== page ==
Incidental entrainment of fishes at large-scale state and federal water diversion facilities in the Sacramento-San Joaquin Delta, California, can trigger protective management actions when limits imposed by environmental regulations are approached or exceeded. These actions can result in substantial economic costs, and likewise they can affect the status of vulnerable species. Here, we examine data relevant to water management actions during January–June; the period when juvenile salmonids are present in the Delta. We use a quantile regression forest approach to create a risk forecasting tool, which can inform adjustments of diversions based on near real-time predictions. Models were trained using historical entrainment data (Water Years 1999–2019) for Sacramento River winter-run Chinook Salmon or Central Valley Steelhead and a suite of environmental and water operations metrics. A range of models was developed; their performance was evaluated by comparison of a quantile loss metric. The models were validated through examination of partial dependence plots, cross-validation procedures, and further evaluated through WY 2019 pilot testing, which integrated real-world uncertainty in environmental parameters into model predictions. For both species, the strongest predictor of loss was the previous week’s entrainment loss. In addition, risk increased with higher water exports and more negative Old and Middle Rivers (OMR) flows. Point estimates of loss were modestly correlated with observations (R2 0.4 to 0.6), but the use of a quantile regression approach provided reliable prediction intervals. For both species, the predicted 75th quantile appears to be a robust and conservative estimator of entrainment risk, with overprediction occurring in fewer than 20% of cases. This quantile balances the magnitude of over- and under-prediction and results in a low probability (< 5% of predictions) of unexpected high-take events. These models, and the web-based application through which they are made accessible to non-technical users, can provide a useful and complementary approach to the current system of managing entrainment risk.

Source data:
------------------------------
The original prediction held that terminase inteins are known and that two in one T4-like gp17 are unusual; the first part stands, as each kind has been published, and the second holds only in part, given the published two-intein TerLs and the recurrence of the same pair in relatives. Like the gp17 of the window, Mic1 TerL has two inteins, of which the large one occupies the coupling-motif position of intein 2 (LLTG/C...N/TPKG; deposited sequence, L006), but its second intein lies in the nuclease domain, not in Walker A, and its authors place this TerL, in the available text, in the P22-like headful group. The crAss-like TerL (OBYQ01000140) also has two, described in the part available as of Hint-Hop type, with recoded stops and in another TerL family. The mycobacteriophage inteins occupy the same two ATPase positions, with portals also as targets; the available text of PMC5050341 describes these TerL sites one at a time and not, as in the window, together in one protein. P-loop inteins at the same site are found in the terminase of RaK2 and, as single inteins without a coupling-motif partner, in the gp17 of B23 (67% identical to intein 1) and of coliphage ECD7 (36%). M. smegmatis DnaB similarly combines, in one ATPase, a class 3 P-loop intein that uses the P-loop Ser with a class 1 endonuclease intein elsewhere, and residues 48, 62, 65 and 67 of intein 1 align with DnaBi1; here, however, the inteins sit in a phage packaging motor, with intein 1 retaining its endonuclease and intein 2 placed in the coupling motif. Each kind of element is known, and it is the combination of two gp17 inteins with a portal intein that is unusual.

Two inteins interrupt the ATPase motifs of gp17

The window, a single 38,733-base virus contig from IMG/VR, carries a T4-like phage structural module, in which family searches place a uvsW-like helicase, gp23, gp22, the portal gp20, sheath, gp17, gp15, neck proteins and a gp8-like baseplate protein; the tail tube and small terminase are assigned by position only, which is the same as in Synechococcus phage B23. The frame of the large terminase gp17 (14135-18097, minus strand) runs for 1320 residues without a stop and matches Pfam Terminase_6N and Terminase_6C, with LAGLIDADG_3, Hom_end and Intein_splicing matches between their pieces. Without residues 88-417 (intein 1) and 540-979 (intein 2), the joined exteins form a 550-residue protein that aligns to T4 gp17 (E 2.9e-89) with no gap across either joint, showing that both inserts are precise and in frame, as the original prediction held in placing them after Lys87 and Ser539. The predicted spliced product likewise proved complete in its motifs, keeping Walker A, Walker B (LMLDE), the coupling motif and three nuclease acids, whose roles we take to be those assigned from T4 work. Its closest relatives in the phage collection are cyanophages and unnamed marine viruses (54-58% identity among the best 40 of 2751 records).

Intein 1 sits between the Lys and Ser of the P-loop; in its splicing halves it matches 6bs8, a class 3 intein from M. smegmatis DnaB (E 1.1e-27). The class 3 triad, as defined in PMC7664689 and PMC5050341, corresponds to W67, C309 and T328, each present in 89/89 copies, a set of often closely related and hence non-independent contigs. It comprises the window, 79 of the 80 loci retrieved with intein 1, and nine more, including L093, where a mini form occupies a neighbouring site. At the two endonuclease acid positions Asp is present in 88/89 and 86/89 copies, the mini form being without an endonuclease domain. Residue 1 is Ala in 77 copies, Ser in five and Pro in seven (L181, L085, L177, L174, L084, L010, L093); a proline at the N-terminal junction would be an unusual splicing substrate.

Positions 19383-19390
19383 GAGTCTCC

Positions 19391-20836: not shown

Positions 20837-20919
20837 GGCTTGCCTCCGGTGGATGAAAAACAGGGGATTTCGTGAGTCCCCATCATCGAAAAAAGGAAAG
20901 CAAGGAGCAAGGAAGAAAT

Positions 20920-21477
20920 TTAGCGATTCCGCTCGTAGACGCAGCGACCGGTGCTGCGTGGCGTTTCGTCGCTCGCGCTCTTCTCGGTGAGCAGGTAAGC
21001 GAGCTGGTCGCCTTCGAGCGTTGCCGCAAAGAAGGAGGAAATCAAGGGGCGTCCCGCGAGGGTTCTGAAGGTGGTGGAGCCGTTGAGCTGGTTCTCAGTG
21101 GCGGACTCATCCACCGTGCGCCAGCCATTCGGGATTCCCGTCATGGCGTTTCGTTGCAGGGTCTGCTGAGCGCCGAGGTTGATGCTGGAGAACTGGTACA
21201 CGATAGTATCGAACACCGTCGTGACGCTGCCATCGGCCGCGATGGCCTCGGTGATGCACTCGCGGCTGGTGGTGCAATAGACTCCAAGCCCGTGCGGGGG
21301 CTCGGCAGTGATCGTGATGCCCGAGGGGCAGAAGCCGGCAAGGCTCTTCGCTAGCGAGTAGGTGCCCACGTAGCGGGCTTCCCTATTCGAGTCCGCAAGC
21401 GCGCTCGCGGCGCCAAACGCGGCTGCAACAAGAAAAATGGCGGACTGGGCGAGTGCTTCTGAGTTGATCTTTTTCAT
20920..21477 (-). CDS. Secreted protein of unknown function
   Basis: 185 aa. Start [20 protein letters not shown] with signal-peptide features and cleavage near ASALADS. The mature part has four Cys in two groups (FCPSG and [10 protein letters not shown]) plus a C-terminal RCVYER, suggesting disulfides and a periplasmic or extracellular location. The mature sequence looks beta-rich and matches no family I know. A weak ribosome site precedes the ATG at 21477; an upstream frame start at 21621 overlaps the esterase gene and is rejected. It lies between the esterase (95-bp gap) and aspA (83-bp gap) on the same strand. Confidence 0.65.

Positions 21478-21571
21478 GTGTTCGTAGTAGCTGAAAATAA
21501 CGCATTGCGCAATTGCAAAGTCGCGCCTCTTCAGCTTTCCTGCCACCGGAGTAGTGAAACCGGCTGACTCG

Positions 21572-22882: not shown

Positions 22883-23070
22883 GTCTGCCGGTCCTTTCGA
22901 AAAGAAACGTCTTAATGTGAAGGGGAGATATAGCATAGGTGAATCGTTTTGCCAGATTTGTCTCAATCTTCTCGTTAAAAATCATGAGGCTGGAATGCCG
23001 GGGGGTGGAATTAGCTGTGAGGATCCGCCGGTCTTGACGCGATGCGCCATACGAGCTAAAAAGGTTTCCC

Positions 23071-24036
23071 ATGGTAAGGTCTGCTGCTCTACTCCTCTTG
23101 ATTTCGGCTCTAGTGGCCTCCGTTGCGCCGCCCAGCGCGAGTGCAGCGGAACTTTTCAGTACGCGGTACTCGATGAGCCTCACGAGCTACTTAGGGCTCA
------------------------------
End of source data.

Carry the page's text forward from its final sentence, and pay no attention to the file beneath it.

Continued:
Gill Net Selectivity for Fifteen Fish Species of the Upper San Francisco Estuary
Gill-net size selectivity for fifteen fish species occurring in the upper San Francisco Estuary was estimated from a data set compiled from multiple studies which together contained 7,096 individual fish observations from 882 gill net sets. The gill nets considered in this study closely resembled the American Fisheries Society’s recommended standardized experimental gill nets for sampling inland waters. Relationships between gill-net mesh sizes and the sizes for each fish species retained in them were estimated indirectly using generalized linear modeling and maximum likelihood. Selectivity curves are provided for each species to inform researchers about population characteristics of fishes sampled with similar gill nets.
Nutrient and Trace Element Contributions from Drained Islands in the Sacramento–San Joaquin Delta, California
Inventorying nutrient and trace element sources in the Sacramento-San Joaquin Delta (the Delta) is critical to understanding how changes—including alterations to point source inputs such as upgrades to the Sacramento Regional Wastewater Treatment Plant (SRWTP) and landscape-scale changes related to wetland restoration—may alter the Delta’s water quality. While island drains are a ubiquitous feature of the Delta, limited data exist to evaluate island drainage mass fluxes in this system. To better constrain inputs from island drains, we measured monthly discharge along with nutrient and trace element concentrations in island drainage on three Delta islands and surrounding rivers from June 2017 to September 2018. These data were used to calculate island-level fluxes and then upscaled to estimate Delta-wide contributions from island drains. Based on these results, we present (1) new estimates of gross and net nutrient and trace element fluxes from Delta island drains, and (2) concomitant N stable isotope data to improve our understanding of island N cycling. Over 60% of nearly all island drainage gross nutrient and trace element loads occurred in winter and spring. Upscaled island drainage net annual total nitrogen (TN), total dissolved nitrogen (TDN), and NH4+ loads comprised an estimated 9%, 7%, and 4%, respectively, of annual inputs to this system in 2018, before the SRWTP upgrade. Under a post-upgrade scenario, we estimated net annual island drainage TDN contributions to increase to 11% and NH4+ contributions to 45% of total Delta inputs as the SRWTP NH4+ load diminished to near zero. Our results suggest that island drainage is a measurable N source that has likely become increasingly important now that the SRWTP upgrade is complete. With over 200 potential active outfalls, these inputs may affect aquatic biogeochemical cycling in many regions of the Delta, especially in areas with long residence times.